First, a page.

A couple months shy of our second anniversary, Julie and I purchased the house in which we live today. Maybe it was because we had both grown up without ever having known the experience of moving, but I sensed an inevitable permanence in our residence, a new build with no prior inhabitants. No one had lived here before, and I automatically assumed that we would be the sole owners until we reached such an age that the house no longer suited our needs. We were in it for the long haul, if circumstance allowed it. When it came time to arrange our phone service, it seemed like we were about to be given another legendary sequence of seven numbers, a pattern that would be burned into our minds and those of our future children just as surely as we could still recall the phone numbers of our respective homesteads.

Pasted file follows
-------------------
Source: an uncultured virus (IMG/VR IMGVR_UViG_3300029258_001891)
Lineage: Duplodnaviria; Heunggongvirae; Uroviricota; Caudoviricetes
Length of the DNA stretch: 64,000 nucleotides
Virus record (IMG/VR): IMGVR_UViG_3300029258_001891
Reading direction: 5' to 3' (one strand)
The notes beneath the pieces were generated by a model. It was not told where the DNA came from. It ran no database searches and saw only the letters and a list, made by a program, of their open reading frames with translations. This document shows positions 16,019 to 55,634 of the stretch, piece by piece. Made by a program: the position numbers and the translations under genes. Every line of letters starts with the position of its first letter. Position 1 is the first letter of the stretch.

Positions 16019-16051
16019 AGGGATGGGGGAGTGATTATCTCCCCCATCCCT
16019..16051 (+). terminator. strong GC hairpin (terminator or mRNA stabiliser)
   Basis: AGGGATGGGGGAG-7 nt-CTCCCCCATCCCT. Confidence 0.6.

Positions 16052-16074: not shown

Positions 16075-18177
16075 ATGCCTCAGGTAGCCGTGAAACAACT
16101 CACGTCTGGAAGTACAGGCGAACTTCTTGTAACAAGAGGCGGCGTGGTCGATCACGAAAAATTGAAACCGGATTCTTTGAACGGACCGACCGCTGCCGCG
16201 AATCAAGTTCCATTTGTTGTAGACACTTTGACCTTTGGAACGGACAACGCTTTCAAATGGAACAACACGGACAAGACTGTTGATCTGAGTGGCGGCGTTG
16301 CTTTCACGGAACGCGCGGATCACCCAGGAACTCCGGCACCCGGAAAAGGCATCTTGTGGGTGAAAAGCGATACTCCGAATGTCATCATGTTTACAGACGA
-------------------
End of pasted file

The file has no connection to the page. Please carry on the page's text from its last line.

I never expected to have any say in determining the septet of digits that would connect callers to our new home, but it turned out that I was allowed to play a small role. The phone company representative informed me that we had moved into an area that was serviced by three different numerical prefixes, and I could choose whichever one I wanted, if indeed it made any difference to me at all. She rattled off my choices, and one of them stood out: 777. I liked the idea of having a prefix composed of the same repeated digit. It would be easy for everyone to memorize: for us, our family, our friends, and one day – our children. The representative gave me the rest of the number: 4765. I went about repeating our new phone number for a few minutes. 777-4765. 777-4765. 777-4765. Like the house itself, there seemed an inevitability about it. It had an appealing rhythm and sounded almost like I had always known it. 777-4765, the number we would always have.